Until an actual striped bass joins the Message Board system or submits an article titled "How to Catch Me" I go by the principle that there are no rules and no experts, so experiment.


Where are the strippers? Write back today!

ANSWER: Strippers are normally found in Go-Go bars. Stripers are in both the Atlantic and Pacific oceans. Where are you? I can't really answer unless you give me some more information.

Here is an excerpt from an excellent thread from the Ask Frank Daignault Forum on the Message Boards. Both Frank and "DeeJay" are seasoned "stripah fishermen." The thread is titled "Gearin Up," and was started on August 8, 2003.

QUESTION: Frank, I was wondering if you could let us know what type of gear you use from different rod sizes and types to reels and terminal tackle. Your favorites etc... I ask because I know you are a no nonsense guy who does not take endorsements or believe in Mickey Mouse crap and you have been in the game along time.

Frank's ANSWER: Given a choice, I would prefer to be a consumer advocate in surfcasting. I’m not comfortable telling my readers something I am being paid to say. There are, of course, some products that are really good for them – like my books – (just kidding), usually with companies that have been around a while. For instance, I never had a bad Penn reel or second rate Lamiglas blank. I know it surprises you, but I don’t have that good a background equipment wise mainly because when I have something I like, I just chug along with it and the years go by. Also, with a life of very modest starts, my economy-habits have not changed in line with my means. Even though I could afford way better, you can’t hose the cheap off of me. A related digression.

Two years ago our love child, Dickie, says to me in the woods – and what does he know being only 47 and all – “Dad, what are you doing with that Mossburg pump? Why don’t you get a good gun?” He’s right, but see I have killed so much game with this “cheap gun” that I bonded to it. Anyway, I did get a new, rifled Rem 870 with cantilever scope mounts and a Leupold 2-8 variable that will shoot the fleas off the nuts of a field mouse at 100 yards. Momma J is the same way. We got her a new in-line rifle with the same scope and she pines for her old side lock musket. Let’s take a look at the list.

My conventionals are 9-3 with ceramic guides, custom made where the reels clamp on One is a Fisher graphite and the other two are old yellow fiberglas Lamis. The Fisher has a Amb 7000 C-3; one lami has a Pro Gear given for testing, which is quite good and the other a squidder. Momma J has two spinners that are the old yellow fiberglas lamis with ceramic guides custom wound 8 . She also has a Tidemaster from St Croix with a Daiwa BG 20. It is a 20 pound rig with Stren Magna-thin. I have used it more than she, always when I know there is nothing around. Spinning, for me, is like kissing your aunt.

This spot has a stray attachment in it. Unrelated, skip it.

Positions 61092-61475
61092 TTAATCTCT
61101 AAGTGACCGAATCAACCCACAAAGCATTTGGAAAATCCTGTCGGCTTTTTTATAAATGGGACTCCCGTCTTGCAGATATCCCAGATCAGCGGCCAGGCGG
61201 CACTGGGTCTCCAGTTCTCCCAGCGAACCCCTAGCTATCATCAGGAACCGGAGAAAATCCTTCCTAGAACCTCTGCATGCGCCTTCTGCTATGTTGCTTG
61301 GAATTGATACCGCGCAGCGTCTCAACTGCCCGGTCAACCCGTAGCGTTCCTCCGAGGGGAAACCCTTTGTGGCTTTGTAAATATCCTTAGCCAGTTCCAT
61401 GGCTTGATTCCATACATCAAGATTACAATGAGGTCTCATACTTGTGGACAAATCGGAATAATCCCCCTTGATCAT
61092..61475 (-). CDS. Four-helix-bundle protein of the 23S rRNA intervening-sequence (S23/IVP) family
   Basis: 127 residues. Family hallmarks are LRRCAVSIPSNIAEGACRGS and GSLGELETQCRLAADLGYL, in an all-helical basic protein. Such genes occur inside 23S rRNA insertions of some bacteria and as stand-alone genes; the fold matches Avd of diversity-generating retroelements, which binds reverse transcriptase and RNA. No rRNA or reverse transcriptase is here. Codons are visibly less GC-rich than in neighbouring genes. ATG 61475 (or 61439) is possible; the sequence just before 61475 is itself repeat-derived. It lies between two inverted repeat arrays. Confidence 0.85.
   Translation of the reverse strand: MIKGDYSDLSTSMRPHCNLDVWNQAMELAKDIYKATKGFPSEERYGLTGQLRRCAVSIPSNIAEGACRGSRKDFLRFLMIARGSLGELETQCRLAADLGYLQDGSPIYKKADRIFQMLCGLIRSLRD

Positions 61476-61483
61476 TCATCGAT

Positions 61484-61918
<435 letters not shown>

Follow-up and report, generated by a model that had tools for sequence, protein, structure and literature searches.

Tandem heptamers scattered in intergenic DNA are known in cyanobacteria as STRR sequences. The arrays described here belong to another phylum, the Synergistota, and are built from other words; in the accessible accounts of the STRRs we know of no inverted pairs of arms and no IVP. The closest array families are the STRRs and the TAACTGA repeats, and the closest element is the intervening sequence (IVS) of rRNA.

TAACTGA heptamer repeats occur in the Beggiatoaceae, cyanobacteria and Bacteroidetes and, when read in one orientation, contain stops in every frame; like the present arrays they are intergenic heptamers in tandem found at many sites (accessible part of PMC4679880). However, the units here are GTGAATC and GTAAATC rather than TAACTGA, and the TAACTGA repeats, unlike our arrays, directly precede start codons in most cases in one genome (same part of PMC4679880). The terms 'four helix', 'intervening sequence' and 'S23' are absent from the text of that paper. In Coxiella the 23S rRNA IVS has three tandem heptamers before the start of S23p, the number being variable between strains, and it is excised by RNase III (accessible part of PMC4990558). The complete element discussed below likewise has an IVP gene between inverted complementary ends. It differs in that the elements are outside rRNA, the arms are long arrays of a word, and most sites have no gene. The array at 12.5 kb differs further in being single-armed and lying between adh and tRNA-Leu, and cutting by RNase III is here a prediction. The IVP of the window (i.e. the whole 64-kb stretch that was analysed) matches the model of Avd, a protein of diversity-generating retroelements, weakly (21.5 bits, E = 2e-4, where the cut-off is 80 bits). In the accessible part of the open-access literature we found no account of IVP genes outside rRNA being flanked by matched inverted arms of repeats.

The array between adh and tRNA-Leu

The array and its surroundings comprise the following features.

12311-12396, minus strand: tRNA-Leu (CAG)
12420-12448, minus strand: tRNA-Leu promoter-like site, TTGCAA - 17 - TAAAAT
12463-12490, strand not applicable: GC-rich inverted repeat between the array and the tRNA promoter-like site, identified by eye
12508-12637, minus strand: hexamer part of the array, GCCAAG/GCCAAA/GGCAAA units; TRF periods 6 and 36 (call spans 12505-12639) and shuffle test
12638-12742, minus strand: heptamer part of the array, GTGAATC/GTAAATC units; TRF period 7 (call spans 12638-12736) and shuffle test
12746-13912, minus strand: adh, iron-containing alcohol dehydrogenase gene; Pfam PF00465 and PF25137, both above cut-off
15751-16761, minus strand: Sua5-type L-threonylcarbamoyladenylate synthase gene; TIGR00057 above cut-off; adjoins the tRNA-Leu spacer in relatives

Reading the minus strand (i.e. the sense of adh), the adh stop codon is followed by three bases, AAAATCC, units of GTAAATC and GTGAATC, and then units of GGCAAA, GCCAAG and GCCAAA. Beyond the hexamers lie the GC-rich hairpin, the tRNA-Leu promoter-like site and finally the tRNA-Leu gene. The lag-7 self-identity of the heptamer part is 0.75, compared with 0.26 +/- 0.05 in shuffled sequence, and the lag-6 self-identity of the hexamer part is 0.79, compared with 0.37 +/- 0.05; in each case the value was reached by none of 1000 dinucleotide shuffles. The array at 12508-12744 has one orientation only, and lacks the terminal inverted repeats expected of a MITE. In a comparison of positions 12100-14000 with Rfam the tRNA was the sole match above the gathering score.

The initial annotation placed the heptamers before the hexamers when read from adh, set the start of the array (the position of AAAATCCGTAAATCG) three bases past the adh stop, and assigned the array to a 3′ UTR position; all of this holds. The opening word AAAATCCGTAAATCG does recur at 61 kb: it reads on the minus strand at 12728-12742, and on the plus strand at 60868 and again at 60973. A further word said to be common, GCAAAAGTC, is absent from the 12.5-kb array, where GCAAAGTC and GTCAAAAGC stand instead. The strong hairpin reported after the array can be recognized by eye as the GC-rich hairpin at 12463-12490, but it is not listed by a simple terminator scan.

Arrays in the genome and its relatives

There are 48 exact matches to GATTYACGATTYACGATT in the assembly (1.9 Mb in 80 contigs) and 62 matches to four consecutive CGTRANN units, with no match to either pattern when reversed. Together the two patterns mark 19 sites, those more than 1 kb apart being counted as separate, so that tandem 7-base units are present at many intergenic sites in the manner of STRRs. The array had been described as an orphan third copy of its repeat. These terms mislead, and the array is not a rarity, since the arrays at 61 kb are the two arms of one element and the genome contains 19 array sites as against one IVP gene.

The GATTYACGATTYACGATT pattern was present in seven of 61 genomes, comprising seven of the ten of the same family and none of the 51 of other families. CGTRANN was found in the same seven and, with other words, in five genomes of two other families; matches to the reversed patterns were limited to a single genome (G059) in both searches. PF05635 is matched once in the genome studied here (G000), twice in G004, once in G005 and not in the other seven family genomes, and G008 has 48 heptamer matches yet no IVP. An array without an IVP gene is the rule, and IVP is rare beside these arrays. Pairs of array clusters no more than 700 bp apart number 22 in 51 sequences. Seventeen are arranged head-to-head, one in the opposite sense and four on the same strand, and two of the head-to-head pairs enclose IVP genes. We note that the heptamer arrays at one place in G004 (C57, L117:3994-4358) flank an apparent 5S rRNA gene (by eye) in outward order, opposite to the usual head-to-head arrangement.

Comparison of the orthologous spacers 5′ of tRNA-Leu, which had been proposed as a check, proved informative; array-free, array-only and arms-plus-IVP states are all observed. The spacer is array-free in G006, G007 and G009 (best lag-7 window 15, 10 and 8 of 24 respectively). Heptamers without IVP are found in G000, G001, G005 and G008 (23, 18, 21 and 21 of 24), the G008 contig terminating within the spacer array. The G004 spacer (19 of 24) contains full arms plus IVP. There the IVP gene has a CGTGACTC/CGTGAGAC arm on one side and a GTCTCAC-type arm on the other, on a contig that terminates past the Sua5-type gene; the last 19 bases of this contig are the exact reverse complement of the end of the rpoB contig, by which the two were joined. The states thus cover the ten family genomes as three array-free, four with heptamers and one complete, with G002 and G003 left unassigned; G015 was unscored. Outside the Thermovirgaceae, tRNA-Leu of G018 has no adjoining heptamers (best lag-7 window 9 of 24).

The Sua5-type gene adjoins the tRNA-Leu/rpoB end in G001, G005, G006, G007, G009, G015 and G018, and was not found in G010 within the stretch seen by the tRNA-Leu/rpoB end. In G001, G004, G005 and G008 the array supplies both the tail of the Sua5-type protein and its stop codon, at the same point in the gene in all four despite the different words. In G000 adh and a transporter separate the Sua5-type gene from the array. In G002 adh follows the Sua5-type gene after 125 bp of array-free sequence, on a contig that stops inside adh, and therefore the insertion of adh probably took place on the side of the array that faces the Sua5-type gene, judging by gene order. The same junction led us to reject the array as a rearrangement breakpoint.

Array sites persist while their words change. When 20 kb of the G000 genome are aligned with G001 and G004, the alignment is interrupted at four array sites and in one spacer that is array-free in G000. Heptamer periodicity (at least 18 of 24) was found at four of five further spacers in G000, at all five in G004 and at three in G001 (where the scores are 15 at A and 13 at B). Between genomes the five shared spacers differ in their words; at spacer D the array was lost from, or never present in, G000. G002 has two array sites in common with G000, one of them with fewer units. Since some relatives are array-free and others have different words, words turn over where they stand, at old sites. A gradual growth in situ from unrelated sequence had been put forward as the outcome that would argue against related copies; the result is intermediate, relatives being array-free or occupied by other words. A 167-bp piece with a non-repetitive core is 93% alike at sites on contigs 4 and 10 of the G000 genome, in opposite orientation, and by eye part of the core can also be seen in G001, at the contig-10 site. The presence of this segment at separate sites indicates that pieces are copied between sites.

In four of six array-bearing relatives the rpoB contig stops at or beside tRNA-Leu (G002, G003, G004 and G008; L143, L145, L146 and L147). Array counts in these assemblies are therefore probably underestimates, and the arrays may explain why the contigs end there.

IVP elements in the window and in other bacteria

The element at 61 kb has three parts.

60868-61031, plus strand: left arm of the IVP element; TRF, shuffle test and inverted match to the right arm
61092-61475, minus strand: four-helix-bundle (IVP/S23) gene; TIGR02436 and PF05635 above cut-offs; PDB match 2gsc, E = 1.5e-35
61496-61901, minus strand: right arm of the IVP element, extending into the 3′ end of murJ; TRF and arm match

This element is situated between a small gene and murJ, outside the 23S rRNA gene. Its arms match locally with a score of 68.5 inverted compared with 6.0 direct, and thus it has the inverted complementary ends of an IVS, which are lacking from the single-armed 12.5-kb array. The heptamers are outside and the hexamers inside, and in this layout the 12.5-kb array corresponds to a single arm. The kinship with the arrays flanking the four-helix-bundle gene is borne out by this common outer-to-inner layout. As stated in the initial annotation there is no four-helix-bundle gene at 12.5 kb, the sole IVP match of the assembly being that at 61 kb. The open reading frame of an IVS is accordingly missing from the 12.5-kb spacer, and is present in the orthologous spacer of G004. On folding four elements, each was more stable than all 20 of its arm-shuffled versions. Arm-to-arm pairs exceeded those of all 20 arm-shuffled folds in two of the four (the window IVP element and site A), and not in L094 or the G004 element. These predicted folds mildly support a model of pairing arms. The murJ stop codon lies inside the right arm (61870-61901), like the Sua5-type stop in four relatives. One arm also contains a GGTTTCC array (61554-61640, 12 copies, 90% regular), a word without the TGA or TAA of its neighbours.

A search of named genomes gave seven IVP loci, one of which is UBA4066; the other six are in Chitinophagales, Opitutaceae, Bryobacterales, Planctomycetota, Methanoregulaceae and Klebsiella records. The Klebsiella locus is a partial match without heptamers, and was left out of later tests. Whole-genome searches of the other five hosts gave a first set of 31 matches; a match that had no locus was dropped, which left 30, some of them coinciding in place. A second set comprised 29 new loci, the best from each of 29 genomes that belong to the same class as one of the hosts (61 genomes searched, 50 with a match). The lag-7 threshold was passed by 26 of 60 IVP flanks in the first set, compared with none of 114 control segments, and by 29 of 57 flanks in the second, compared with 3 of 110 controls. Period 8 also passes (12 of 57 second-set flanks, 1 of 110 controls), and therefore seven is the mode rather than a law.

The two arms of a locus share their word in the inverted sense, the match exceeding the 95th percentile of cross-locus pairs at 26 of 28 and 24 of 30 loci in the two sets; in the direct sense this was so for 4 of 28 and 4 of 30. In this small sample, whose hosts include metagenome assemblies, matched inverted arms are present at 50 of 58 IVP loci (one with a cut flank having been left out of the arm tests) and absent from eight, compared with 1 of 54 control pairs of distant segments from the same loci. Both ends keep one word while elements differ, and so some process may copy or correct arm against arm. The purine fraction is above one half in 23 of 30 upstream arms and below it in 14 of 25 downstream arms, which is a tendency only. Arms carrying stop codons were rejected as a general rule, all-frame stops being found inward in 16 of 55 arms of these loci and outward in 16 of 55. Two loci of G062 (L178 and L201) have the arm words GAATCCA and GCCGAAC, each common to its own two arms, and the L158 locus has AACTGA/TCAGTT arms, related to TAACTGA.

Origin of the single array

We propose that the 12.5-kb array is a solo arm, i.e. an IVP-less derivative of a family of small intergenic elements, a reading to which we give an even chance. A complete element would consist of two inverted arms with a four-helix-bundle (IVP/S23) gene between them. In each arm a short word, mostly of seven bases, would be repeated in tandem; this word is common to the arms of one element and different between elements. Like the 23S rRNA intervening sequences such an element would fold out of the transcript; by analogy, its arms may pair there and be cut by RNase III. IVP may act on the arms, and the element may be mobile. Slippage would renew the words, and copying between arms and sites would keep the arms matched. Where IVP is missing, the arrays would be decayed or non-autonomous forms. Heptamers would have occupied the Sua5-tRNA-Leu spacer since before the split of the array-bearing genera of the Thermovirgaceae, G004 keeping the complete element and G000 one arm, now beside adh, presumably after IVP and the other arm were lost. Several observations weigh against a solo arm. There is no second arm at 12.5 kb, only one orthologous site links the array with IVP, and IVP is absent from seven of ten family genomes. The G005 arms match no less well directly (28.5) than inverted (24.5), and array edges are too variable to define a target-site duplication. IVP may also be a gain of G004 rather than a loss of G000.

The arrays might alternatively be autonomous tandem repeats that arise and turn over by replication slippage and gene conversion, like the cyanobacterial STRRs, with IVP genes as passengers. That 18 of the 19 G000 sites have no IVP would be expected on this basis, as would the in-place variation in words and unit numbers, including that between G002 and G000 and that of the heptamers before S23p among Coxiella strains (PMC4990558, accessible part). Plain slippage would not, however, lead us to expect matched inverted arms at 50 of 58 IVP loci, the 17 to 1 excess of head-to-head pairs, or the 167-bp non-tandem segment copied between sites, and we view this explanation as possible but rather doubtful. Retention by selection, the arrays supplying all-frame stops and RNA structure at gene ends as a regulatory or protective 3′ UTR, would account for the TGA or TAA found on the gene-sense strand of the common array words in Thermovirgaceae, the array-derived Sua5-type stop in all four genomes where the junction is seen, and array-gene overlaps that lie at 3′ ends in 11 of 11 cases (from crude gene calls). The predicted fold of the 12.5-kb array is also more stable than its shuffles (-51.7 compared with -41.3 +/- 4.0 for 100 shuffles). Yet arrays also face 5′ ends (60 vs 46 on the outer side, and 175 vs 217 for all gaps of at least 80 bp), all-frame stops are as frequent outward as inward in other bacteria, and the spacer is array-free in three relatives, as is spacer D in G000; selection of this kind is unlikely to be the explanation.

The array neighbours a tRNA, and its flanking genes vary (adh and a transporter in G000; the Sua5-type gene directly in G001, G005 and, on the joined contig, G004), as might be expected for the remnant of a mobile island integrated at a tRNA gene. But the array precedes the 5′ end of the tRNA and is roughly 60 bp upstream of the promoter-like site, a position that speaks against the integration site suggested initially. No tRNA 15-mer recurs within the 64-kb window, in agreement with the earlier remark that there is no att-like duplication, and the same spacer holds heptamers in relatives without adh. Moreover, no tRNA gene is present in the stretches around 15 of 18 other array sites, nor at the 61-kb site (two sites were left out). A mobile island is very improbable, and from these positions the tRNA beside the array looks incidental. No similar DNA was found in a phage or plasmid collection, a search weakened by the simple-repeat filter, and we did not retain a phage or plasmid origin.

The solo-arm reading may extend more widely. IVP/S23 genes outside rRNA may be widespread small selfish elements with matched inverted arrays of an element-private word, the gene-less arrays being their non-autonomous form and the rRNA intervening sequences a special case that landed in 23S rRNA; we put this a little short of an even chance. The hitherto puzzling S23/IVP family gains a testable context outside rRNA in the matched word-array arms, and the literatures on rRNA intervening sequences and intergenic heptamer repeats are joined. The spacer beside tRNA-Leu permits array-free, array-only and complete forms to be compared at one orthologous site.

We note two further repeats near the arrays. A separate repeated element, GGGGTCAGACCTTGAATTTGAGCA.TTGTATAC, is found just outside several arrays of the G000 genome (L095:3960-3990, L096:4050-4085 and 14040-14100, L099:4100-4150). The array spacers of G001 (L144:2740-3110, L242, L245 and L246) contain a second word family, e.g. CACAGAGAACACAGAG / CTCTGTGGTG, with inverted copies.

Fly fishing we have all new stuff because for some reason fly fishing is better when the stuff reflects what is offered today: I have a St Croix 9’ #10 two piece with an # 11 Scientific Anglers floating line on a Tioga fly reel – which I highly recommend. New this year is a Redington 9’ #10 startlingly similar to the St Croix with a Redington RS-2 reel turned from bar stock. Line is an intermediate camo #11 from Cortland.
Momma J has the same rig only in #8 rod with a #9 line.

We have both retired a variety of graphites with way more bendy actions which we are beginning to miss, along with a basket of Medalists which have more reliable drags than the fancy/smancy reels turned from bar stock. While prices of contemporary stuff have fallen, note that most of the equip is made outside the country. No wonder we have so much unemployment.

Line strengths are as high as trade-offs will permit. I don't expect the World Record but I could not live with myself or anyone else who broke off and I saved one bullet on the outside chance that it is ever me.

Light spinning -- 20 pound Magna thin
Heavy spinning -- 30 pound Magna thin
All convench -- 50 braid, new (Brand forgotten)
Fly fishing, all rigs, -- 20-pound tippets

DeeJay's Answer: I've had the opportunity to use a lot of gear from the 60s up till the present, both mine and stuff I inherited from my dad. Also over the last few years due to various "associations," I've had the opportunity to test stuff for free or acquire some stuff at or close to cost.

A lot of the new stuff is junk when you compare it to the old, durable gear of yore---Lami and American-made Fenwick rods and blanks, Penn, Mitchell, Quick and Luxor reels, etc. You get great performance, crisp-casting rods and butter smooth reels, for about a year or two and then you wind up replacing it.

I've never had a bad Lami rod, period. From the old reddish-brown glass blanks of the 50s, the old yella workhorses, the S-glass of the 80s, and the new black and Ron Arra graphites. Top drawer, all the way.